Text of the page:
ISTANBUL: Turkish and Armenian leader meet in Kiev

Turkish and Armenian leader meet in Kiev
Hurriyet Daily News

Thursday, February 25, 2010
ISTANBUL- Daily News with wires
Turkish Foreign Minister Ahmet DavutoÄ?lu and Armenian President
Serge Sarkisian met in Kiev on Thursday.
The Turkish foreign minister told reporters after the meeting that he
had had the opportunity to talk to the Armenian president about the
Turkish-Armenian relationship normalization process, anddevelopments
in the Caucasus.
"We reviewed the Turkish -Armenian normalization relationship in its
entirity with open hearts today including our anxieties and the
obstacles we face," DavutoÄ?lu said. "We spoke about Armenian-
Azerbaijan relations and the activities of the Minsk Group as related
to the Karabakh issue," he said.
"I also had the opportunity to tell Mr. Sarkisian about Turkey’s
vision for the region," he said.
DavutoÄ?lu said this is the firt meeting between him and
Sarkisian since a controversial decision from the Armenian
Constitutional Courtslowing to a grindthe progress made after the two
countries signed protocols to restore diplomatic ties.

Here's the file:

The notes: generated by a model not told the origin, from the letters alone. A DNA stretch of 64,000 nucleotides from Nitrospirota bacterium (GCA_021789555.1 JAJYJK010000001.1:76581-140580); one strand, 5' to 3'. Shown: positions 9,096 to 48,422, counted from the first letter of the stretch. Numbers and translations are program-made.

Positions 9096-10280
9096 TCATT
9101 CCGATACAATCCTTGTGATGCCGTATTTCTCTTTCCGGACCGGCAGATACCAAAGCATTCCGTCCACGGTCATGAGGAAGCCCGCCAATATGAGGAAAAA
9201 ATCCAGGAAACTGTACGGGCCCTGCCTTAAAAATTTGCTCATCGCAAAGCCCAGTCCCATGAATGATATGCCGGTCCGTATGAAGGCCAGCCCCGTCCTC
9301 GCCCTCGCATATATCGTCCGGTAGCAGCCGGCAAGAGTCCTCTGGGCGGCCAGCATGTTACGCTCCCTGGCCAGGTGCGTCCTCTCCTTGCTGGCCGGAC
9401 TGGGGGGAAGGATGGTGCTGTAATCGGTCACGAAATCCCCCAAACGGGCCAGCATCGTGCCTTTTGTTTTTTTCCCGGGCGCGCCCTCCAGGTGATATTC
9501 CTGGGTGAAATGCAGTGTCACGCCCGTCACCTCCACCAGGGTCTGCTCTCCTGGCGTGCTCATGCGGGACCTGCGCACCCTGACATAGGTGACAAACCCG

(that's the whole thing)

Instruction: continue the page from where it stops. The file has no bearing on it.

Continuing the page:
The Armenian parliament Thursday made it easy for Yerevan to scrap
protocols signed with Turkey by passing amendments that will allow
President Serge Sarkisian to suspend ratification and withdraw from
previously signed international agreements. The amendments were passed
by a vote of 70-4. The move comes amid growing frustration in Armenia
over Turkey’s Parliament’s failure to ratify the protocols signed in
The signing of the deals was hailed internationally as a key step in
overcoming decades of enmity stemming from World War I-era killings of
Armenians under the late days of the Ottoman Empire.
But ratification by both countries’ parliaments stalled as the two
sides have traded accusations of trying to modify the deal.
Ankara has accused Yerevan of trying to set new conditions after
Armenia’s Constitutional Court said the protocols could not contradict
Yerevan’s official position that the Armenian killings constituted "
or its part, is furious over Ankara’s insistence that normalizing
Turkish-Armenian ties depends on progress in resolving the conflict
between Armenia and Turkish ally Azerbaijan over the disputed
Nagorno-Karabakh region.
Turkey closed its border with Armenia in 1993 in solidarity with
Azerbaijan after ethnic Armenian forces wrested Nagorno-Karabakh from
Baku’s control in a war that claimed an estimated 30,000 lives.
The conflict remains unresolved despite years of international

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